In historic address to Kenya’s bicameral sitting of Parliament, Tanzania President Samia Suluhu set the pace, resetting the seemingly on and off trade and cultural ties between the two neighboring East African nations.
President Suluhu, who’s the first woman to lead a nation in East Africa, was making her second foreign tour since taking over the mantle of leadership from John Joseph Pombe Magufuli, who died in March from heart attack.
In early April, President Suluhu oversaw the signing of a deal between Uganda and Tanzania oil firms, Total and CNOOC, setting forth the construction of a $3.5 billion crude pipeline to evacuate crude oil from western Uganda fields to global buyers during her inaugural foreign trip.
The visiting Head of State hailed strong historical ties between Kenya and Tanzania, saying the sister nations hinge on each other for their economic prosperity, while calling out on the people who could be tempted to fan divisions between citizens of the two countries.
While fondly referring to Kenya’s President Uhuru Kenyatta as brother, President Suluhu extended an open invitation to Kenyan investors to enter Tanzania, saying her meeting with her counterpart had resolved to smoothen all barriers to bilateral trade.
President Suluhu’s visit to Kenya also saw an ongoing ban on importation of maize from Tanzania collapse almost immediately.
“On the maize that is stuck at the border I have given you (Minister for Agriculture Peter Munya) two weeks to ensure that the stock is cleared,” said President Kenyatta during a joint session of Kenya and Tanzanian business community.
In March, Kenya enforced a freeze on maize imports from Uganda and Tanzania citing high levels of cancer-causing aflatoxin on imported grain.
At the moment, Kenyan investors with an eye for opportunities in Tanzania have given rise to over 50,000 jobs from an investment portfolio of about $1.7 billion. On the other hand, Tanzania companies in Kenya have helped create nearly 3,000 jobs.
On connectivity and shared infrastructure between the two nations, President Suluhu gave a list of cross-border investments that Kenya and Tanzania officials are working on, including the set-up of One Stop Border Posts, roads, electricity transmission lines and a natural gas pipeline between the Port cities of Dar es Salaam and Mombasa.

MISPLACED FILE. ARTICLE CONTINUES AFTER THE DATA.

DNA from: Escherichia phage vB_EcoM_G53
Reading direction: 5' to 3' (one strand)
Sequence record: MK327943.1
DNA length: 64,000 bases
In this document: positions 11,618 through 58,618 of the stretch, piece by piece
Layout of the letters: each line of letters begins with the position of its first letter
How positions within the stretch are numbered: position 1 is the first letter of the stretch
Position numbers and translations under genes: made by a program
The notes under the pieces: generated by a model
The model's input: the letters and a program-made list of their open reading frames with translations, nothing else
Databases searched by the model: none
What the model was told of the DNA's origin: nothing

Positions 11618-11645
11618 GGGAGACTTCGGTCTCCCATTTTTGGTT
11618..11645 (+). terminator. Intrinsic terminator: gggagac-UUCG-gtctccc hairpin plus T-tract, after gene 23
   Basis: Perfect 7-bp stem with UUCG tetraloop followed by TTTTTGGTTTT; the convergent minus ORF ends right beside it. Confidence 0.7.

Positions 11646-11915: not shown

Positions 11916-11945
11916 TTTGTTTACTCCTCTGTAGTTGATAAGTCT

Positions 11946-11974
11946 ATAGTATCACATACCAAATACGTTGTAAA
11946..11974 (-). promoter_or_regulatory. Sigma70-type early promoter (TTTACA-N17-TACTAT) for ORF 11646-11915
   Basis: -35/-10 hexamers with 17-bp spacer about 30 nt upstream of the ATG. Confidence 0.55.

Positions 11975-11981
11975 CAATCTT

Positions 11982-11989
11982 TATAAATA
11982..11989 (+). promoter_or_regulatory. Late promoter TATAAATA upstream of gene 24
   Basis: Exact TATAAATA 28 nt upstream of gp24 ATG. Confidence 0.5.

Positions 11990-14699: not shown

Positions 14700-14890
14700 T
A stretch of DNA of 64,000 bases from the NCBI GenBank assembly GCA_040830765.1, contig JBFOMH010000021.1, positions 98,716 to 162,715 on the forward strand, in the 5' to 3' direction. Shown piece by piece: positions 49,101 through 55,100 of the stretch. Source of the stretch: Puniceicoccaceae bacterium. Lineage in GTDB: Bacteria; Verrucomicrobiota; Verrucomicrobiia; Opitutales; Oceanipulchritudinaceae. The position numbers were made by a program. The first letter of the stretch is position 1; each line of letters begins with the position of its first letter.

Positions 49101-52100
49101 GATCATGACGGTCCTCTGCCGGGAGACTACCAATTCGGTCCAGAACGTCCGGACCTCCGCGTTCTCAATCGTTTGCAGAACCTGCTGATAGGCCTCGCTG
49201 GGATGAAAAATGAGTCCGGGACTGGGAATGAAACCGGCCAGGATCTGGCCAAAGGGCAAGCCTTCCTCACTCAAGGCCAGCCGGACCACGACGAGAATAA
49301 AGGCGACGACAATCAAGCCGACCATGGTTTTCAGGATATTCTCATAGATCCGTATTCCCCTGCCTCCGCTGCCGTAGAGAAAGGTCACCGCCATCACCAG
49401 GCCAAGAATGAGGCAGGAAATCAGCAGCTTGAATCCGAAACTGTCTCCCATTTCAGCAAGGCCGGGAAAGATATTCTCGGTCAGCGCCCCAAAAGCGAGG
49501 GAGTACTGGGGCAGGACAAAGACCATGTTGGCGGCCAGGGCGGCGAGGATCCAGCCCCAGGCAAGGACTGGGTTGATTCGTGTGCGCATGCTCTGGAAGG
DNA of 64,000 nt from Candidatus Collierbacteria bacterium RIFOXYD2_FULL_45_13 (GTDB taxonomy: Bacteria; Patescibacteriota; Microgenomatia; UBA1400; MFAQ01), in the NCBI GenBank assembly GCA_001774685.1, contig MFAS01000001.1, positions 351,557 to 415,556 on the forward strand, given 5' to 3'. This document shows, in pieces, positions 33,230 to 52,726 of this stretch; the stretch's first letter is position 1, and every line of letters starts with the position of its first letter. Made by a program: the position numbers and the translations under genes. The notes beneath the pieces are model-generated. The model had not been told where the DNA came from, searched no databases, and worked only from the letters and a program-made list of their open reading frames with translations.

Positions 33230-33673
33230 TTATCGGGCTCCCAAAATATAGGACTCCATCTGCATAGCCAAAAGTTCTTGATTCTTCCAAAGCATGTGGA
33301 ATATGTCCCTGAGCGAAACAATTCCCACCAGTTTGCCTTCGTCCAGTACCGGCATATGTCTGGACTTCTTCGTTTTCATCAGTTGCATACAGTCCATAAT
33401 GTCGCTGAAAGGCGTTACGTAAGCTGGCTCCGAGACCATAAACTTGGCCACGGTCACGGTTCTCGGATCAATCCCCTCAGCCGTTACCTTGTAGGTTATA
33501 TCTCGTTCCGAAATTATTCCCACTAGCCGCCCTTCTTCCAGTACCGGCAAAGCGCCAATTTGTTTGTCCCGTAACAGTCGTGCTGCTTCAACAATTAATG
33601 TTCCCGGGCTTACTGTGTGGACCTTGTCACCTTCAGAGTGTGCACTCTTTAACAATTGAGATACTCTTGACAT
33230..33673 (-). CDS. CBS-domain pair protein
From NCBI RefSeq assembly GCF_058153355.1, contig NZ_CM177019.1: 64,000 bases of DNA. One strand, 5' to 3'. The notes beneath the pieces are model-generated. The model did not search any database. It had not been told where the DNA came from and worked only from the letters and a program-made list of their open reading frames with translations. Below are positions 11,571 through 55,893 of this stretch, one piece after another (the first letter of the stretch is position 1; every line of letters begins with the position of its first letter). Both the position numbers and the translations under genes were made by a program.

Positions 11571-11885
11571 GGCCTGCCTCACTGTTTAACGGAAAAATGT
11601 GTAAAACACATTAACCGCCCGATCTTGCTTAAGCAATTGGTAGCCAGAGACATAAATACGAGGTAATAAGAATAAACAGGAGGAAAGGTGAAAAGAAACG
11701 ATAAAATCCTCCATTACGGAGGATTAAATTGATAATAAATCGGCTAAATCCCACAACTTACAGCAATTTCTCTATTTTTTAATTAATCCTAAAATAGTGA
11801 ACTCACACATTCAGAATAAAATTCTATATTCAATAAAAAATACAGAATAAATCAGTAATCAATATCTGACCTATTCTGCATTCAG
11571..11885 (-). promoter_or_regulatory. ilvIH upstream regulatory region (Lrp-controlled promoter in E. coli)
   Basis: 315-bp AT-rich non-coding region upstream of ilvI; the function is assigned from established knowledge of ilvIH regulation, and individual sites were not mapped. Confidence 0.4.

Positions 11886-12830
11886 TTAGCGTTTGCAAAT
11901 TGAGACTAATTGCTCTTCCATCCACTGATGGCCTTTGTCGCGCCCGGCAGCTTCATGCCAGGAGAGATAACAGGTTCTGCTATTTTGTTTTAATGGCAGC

“We also signed a gas pipeline deal today (May 4, 2021), which will transport gas between the coastal towns of Mombasa in Kenya and Dar es Salaam in Tanzania,” said President Suluhu.
The project will cost KES121 billion ($1.1 billion) and cover about 600 kilometers of the neighboring countries’ expansive coastline.
The Tanzanian leader also spoke about the raging global pandemic, Covid-19 disease, saying that her country was not an exception to the heavy toll on lives and economic fallout while assuring that Tanzania will continue working closely with her neighbours in managing the infection.
“Coronavirus has made us mask up. It is a common enemy and we have put down measures to contain the spread. We, Tanzanians, are not an island and we are part of the international community,” she reiterated.
President Suluhu urged Parliament to nurture the good affiliation in culture and trade between the two countries, while telling MPs that she was visiting Kenya to strengthen existing ties.
Her Excellency Samia Suluhu said her visit had achieved great results, and informed MPs that she had invited President Kenyatta to be the Chief Guest during celebrations to mark Tanzania’s 60th anniversary in December, later this year.